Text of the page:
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42 Ecology L. Currents 101 (2015)

handle is hein.journals/ecolwcur42 and id is 1 raw text is: 










     Preservation Is a Flawed Mitigation

                              Strategy


                              Jessica Owley*


                              INTRODUCTION

     The objective of the Clean Water Act is to restore and maintain the
chemical, physical, and biological integrity of the nation 's waters. To help
achieve that objective, the Act limits the ability to dredge or fill a wetland. To
do so, one must first obtain a section 404 permit. These permits, which the
Army Corps of Engineers (Corps) issues with coordination and oversight
from the Environmental Protection Agency (EPA), require project proponents
to avoid, minimize, and compensate the harms of any wetland destruction or
modification. Compensatory mitigation is a troubling concept in wetlands
regulation because it acknowledges that wetland destruction will occur. Thus,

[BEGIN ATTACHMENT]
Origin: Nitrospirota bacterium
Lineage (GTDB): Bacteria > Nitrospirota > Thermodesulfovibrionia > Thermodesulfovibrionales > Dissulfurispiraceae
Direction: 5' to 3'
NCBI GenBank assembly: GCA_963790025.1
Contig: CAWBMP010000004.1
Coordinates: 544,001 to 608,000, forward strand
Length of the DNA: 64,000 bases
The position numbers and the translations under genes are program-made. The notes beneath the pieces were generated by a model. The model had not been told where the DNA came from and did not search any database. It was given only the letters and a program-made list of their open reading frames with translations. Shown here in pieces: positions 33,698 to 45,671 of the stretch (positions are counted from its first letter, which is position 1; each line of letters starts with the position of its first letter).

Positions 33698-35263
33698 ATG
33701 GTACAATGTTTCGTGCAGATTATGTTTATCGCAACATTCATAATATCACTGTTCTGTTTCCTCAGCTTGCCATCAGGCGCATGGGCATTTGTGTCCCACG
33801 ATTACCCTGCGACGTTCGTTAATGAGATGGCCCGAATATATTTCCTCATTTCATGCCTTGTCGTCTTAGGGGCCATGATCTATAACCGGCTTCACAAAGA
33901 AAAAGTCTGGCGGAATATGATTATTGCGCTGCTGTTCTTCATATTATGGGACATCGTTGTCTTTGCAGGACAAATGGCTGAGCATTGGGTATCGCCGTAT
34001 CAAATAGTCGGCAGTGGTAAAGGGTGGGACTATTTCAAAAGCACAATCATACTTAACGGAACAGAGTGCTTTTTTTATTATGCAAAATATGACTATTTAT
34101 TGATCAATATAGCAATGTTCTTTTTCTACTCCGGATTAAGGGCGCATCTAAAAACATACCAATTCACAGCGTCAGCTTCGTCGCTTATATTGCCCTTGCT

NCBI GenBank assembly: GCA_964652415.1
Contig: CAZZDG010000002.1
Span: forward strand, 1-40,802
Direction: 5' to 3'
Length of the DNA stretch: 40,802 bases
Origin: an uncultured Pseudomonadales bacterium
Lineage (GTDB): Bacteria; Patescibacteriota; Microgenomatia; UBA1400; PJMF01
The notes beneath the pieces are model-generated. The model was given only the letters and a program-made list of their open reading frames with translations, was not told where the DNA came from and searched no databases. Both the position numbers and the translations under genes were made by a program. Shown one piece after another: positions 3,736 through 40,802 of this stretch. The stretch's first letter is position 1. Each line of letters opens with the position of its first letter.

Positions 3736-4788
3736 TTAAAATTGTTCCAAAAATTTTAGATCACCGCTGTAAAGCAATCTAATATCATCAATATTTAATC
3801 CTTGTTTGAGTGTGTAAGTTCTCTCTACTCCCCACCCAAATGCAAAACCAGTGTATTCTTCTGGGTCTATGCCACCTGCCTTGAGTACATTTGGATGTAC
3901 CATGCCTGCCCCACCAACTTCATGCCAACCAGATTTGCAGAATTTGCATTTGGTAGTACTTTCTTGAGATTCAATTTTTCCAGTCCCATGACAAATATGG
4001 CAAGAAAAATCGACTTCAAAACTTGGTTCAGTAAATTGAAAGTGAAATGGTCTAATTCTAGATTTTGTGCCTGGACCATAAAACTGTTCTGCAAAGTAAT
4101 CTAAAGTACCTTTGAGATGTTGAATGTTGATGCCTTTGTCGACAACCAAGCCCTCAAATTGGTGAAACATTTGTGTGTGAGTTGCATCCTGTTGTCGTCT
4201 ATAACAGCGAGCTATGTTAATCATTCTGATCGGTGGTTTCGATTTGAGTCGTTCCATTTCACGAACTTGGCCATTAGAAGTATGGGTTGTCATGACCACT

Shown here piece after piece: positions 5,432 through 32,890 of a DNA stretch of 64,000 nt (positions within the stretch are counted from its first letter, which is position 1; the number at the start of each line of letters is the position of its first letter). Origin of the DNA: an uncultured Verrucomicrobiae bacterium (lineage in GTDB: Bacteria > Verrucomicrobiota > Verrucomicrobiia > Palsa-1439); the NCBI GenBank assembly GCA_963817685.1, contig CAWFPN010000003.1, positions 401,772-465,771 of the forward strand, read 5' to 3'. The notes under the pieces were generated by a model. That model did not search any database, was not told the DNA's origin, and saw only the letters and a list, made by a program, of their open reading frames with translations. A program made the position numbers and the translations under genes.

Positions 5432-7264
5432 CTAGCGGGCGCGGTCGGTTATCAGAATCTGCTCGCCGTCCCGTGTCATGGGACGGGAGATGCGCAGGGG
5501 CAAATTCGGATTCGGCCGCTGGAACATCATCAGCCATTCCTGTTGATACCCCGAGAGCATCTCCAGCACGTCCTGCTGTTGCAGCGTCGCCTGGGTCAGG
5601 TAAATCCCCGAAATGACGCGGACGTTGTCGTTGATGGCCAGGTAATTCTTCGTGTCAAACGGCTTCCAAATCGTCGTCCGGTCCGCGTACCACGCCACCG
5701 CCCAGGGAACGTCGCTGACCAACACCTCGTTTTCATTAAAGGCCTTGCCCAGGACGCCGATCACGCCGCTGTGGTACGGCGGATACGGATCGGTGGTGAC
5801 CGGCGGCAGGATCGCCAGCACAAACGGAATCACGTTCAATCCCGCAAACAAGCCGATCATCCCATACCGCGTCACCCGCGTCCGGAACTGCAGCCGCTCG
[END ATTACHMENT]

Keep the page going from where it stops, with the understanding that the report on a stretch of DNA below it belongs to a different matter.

instead of preventing    wetland  conversion, developers in this scenario
compensate for wetlands lost. Compensatory mitigation can come in the form
of restoration, creation, enhancement, and/or preservation of wetlands and
other aquatic resources. Wetlands are preserved        by prohibiting   their
conversion, often through property encumbrances like conservation easements
and deed restrictions. This scenario exchanges preservation of certain wetlands
for a right to degrade or destroy other wetlands.
     This Article urges the Corps to eliminate its use of preservation as
mitigation  and   to  improve   accountability  mechanisms    where private
organizations, like land trusts and private mitigation banks, remain involved in
wetlands permitting    programs. As even      the  EPA   acknowledges    that
preservation results in a net loss of wetlands, preservation is unlikely to
compensate for the loss in ecological function from wetlands destruction.
Additionally, because private land trusts commonly manage, monitor, and
enforce preservation areas with little to no oversight by the Corps or the EPA,
concerns of accountability and democracy arise. Although this Article focuses
on the Clean Water Act's section 404 program, the arguments and lessons
discussed here apply to state and local wetland mitigation programs as well.


     *  Associate Professor, SUNY Buffalo Law School. I am indebted to the thoughtful comments
and careful consideration of this piece by Amanda Leiter, Mike Lewyn, Mike Pappas, Justin Pidot, and
Julia Purdy. Nicholas Fischer provided research assistance for early stages of this project. As always, the
ELQ staff provided careful editing that undoubtedly improved the piece.

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